I recently viewed a documentary called “Flying River Observed in Tallest Structure in South America, National Geographic” (https://www.youtube.com/watch?v=HjpPsZTwsaM). In this film, as an aside, it was mentioned that a major source (the major source?) for the oxygen required for life on earth are the diatoms in sea water.
It was mentioned that diatoms have shells. In a separate article (whose source I do not remember) it was mentioned that the sea, because it is being exposed to higher and higher atmospheric carbon dioxide levels, was becoming more and more acidic. This high acidity was making it difficult for sealife to form shells. Will this decrease the number of diatoms in sea water?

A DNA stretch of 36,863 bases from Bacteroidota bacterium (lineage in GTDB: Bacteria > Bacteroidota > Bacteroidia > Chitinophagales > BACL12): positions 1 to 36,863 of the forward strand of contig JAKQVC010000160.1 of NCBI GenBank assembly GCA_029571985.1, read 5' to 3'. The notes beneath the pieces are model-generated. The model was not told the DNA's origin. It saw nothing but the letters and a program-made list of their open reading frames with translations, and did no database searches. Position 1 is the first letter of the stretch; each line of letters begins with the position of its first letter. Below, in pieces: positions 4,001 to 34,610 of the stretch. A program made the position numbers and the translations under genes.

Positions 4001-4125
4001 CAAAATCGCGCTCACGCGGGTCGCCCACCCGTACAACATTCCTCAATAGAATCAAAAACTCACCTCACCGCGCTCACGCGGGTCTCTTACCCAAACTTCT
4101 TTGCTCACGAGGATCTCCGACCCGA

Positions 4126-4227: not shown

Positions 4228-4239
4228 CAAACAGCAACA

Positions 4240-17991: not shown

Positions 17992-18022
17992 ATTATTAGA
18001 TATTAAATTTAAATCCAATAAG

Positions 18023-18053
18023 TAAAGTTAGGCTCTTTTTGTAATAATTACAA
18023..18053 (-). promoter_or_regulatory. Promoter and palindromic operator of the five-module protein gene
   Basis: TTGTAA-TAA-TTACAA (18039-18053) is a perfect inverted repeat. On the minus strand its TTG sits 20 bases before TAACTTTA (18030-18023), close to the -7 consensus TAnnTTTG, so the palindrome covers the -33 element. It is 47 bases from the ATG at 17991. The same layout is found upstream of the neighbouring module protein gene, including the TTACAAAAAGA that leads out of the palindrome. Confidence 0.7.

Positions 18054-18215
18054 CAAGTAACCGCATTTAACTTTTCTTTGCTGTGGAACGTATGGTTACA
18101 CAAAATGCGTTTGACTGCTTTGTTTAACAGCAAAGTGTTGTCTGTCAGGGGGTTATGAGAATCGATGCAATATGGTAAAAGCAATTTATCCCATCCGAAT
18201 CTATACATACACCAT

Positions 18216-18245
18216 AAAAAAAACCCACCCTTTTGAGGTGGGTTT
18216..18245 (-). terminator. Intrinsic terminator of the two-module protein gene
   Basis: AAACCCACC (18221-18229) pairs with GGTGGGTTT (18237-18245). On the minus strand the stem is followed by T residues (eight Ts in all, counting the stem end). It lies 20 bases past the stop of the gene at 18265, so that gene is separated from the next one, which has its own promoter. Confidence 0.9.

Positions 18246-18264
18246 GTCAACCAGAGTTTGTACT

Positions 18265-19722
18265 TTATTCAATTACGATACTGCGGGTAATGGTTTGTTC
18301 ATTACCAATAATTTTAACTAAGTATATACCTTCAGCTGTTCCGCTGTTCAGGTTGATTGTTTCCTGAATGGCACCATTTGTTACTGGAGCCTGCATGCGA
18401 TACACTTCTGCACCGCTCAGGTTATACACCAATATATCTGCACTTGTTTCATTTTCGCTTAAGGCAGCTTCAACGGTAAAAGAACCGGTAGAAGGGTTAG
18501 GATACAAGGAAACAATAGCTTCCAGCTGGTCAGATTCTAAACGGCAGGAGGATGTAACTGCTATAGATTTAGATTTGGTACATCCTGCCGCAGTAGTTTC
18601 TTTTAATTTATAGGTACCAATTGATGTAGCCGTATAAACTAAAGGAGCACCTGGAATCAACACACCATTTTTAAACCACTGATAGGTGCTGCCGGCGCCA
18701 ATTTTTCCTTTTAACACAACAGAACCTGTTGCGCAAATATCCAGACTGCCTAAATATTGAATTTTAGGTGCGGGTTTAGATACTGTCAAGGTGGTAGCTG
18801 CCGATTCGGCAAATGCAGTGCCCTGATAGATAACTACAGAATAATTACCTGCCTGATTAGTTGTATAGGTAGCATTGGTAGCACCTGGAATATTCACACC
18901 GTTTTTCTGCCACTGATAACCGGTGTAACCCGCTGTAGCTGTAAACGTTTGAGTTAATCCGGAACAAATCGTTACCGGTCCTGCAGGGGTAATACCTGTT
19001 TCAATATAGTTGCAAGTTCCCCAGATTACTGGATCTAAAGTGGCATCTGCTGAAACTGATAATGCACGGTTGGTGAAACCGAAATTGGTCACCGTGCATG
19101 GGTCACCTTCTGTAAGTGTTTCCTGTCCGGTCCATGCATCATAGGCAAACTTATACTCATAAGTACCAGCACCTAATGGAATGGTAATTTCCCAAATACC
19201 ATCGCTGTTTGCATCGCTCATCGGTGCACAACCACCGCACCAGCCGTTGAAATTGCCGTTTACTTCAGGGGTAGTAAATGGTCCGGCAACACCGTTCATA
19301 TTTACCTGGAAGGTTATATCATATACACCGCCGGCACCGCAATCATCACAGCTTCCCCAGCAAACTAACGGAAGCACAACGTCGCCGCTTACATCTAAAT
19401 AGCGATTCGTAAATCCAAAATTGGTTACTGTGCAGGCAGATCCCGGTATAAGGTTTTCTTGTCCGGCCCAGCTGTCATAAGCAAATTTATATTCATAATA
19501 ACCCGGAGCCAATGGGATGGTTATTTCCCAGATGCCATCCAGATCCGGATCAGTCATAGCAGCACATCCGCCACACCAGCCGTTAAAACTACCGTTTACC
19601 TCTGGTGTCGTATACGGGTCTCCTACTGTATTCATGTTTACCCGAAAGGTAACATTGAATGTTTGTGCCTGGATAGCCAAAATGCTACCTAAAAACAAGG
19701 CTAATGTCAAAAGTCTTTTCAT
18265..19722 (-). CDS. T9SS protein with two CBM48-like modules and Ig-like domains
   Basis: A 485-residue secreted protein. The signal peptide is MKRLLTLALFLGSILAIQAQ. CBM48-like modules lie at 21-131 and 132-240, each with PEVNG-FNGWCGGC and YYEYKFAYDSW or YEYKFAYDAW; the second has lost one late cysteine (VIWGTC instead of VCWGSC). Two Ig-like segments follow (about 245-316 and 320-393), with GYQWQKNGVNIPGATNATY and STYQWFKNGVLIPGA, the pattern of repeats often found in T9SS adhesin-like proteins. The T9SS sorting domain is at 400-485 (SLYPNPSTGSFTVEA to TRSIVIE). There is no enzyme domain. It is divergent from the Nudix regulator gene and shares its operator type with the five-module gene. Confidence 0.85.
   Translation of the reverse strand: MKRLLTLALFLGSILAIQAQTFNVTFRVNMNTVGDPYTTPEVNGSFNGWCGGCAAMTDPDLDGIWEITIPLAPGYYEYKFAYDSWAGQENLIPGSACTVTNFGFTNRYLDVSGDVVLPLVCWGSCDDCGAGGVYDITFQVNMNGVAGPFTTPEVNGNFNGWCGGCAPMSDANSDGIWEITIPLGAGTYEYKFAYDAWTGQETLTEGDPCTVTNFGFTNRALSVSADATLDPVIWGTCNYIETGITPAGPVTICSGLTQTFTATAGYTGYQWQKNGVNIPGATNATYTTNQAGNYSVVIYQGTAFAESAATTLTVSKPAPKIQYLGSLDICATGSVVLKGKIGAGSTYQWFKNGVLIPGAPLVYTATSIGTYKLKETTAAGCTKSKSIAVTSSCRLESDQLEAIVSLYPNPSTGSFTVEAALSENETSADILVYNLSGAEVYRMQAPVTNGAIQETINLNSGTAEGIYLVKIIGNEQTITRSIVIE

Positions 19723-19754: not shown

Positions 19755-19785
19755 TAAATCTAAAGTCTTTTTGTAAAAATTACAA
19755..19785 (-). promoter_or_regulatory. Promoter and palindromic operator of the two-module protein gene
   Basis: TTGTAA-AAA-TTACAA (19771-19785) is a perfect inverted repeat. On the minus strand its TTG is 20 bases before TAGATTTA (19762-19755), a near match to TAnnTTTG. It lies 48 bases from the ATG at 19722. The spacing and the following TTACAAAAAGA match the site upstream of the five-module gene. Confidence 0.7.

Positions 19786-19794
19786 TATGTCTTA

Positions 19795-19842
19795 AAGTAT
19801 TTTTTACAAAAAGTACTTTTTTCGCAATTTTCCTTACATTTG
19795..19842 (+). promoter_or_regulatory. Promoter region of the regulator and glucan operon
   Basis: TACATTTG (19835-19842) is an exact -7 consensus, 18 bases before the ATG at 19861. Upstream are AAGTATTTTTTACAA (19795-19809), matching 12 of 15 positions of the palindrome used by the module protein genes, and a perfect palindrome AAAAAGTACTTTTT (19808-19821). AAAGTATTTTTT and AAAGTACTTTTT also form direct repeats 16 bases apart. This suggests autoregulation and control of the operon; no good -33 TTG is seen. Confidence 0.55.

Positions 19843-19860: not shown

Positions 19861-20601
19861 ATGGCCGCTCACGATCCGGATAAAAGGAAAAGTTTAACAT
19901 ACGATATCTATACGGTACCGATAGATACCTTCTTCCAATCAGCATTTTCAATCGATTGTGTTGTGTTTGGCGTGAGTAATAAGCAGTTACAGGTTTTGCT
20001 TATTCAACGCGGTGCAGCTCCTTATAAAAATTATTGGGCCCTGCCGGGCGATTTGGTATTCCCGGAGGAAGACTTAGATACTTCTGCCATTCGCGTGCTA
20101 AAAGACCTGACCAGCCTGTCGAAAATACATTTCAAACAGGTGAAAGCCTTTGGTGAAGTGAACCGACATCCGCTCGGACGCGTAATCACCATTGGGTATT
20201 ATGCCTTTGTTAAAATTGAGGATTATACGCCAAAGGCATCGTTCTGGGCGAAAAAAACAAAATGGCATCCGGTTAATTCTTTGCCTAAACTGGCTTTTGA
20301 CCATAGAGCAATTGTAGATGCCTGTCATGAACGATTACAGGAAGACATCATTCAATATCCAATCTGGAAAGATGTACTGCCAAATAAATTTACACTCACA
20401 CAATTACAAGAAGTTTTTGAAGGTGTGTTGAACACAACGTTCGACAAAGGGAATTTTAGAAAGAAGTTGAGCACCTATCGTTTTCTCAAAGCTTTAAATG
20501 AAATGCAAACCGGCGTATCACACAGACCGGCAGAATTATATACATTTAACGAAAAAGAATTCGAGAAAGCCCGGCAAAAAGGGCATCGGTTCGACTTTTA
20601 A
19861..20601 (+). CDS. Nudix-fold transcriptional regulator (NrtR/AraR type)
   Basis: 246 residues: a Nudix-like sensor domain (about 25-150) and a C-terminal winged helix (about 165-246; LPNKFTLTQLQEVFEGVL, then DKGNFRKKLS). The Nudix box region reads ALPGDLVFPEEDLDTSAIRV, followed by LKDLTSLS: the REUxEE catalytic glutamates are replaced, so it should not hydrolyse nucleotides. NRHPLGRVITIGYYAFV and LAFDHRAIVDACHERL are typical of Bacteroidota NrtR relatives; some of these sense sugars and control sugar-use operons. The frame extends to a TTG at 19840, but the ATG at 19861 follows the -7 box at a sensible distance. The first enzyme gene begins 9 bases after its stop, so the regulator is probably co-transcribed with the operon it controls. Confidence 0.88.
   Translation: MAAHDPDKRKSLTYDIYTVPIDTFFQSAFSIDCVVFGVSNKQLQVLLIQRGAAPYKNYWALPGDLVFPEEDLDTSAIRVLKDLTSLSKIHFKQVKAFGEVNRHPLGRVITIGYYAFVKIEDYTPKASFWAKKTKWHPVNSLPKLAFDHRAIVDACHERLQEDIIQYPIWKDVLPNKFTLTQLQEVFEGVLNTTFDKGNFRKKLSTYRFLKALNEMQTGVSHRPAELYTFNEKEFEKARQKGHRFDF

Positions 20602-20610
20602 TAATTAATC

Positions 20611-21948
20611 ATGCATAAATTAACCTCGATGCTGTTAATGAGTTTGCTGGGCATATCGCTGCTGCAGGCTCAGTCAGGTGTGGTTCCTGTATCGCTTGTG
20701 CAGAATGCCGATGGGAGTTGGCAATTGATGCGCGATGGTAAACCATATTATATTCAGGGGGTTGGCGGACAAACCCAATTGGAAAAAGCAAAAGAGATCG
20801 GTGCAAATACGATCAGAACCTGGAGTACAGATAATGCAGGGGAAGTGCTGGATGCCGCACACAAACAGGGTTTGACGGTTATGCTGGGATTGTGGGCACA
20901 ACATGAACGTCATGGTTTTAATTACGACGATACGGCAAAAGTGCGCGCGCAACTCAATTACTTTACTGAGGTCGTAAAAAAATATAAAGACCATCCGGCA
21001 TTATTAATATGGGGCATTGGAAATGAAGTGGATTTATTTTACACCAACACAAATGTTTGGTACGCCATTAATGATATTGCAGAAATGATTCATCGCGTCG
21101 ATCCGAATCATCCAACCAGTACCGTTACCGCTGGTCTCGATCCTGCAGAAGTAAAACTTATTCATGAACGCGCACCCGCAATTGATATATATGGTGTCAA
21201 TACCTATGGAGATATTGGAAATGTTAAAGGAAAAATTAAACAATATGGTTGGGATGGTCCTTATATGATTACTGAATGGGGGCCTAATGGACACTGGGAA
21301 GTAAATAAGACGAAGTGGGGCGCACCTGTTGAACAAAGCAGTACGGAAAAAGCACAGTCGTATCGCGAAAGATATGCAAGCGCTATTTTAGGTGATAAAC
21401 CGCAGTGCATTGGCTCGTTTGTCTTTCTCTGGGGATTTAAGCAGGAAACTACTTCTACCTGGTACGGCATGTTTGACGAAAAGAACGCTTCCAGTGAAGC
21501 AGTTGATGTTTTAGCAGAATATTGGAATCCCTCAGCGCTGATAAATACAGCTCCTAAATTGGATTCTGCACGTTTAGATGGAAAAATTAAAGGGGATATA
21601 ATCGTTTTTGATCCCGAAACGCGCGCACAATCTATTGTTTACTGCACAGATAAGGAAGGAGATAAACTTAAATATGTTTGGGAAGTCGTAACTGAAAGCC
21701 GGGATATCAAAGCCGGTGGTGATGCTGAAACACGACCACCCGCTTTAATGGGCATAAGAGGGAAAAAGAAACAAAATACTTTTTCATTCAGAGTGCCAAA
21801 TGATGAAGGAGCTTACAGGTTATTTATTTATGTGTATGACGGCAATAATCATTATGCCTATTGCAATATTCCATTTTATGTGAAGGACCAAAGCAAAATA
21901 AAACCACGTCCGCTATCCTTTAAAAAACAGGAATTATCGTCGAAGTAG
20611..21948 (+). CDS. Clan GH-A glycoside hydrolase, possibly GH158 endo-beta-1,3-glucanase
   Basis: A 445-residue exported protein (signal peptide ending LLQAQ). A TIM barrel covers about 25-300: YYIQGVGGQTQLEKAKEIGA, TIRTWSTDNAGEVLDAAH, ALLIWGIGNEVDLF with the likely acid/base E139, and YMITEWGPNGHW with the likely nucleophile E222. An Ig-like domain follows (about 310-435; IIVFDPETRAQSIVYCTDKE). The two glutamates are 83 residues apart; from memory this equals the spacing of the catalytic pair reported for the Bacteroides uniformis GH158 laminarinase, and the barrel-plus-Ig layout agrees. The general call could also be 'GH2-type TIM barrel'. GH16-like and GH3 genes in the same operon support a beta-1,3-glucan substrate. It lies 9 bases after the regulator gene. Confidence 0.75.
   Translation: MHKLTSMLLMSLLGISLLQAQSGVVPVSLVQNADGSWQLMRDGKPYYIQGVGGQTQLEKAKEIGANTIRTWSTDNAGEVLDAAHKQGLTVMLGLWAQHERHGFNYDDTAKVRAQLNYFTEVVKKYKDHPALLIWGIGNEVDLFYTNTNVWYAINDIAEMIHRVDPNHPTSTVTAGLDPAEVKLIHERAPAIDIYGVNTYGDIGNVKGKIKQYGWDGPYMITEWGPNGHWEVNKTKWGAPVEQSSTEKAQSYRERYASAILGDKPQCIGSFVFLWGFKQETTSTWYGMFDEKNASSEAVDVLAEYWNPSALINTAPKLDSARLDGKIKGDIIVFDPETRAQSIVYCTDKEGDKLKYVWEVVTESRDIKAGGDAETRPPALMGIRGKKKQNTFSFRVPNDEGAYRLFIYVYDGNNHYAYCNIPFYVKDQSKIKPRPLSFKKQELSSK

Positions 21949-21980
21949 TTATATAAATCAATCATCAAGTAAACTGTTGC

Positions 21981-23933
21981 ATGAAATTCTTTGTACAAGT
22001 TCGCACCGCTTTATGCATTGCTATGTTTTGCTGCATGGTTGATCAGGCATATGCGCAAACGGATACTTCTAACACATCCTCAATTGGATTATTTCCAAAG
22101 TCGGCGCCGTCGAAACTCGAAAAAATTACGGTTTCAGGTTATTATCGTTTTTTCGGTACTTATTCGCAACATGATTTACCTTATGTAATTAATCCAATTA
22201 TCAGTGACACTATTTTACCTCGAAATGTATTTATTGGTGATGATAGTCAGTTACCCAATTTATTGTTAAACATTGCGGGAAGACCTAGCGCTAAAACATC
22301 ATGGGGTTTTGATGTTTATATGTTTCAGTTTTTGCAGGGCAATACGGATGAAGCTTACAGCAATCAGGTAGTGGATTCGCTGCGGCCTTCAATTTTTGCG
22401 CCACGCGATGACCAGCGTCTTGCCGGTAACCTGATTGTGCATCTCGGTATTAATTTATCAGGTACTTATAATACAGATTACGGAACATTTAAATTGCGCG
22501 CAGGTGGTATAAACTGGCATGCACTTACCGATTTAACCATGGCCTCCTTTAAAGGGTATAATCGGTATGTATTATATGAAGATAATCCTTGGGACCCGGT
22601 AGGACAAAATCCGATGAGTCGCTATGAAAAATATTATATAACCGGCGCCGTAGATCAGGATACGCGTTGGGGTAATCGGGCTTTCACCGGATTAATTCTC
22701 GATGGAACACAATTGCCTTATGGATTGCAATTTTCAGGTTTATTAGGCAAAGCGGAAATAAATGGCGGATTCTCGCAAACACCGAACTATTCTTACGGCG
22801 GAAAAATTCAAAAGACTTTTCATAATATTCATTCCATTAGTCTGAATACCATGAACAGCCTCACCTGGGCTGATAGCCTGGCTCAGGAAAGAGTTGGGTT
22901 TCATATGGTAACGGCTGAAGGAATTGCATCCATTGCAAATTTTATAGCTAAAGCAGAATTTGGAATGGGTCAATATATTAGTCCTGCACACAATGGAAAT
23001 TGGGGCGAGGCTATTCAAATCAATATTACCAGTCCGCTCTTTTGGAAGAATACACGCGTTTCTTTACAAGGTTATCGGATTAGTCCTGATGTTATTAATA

Will this affect the amount of oxygen available to life on earth?

  • $\begingroup$ Lower pH (from CO2 reacting with ocean water to form carbonic acid) makes formation of bicarbonate shells more difficult. this would reduce the fitness of any bicarbonate-shell forming organisms. However, diatoms, to the best of my knowledge, usually have shells made of silica, so I am not sure to what degree lower pH water will have on the formation of their shells and their overall fitness. However, communities and competitive interactions would certainly change as other organisms' fitnesses are impacted, which very well could impact diatoms indirectly. $\endgroup$ – theforestecologist Apr 15 '19 at 18:09

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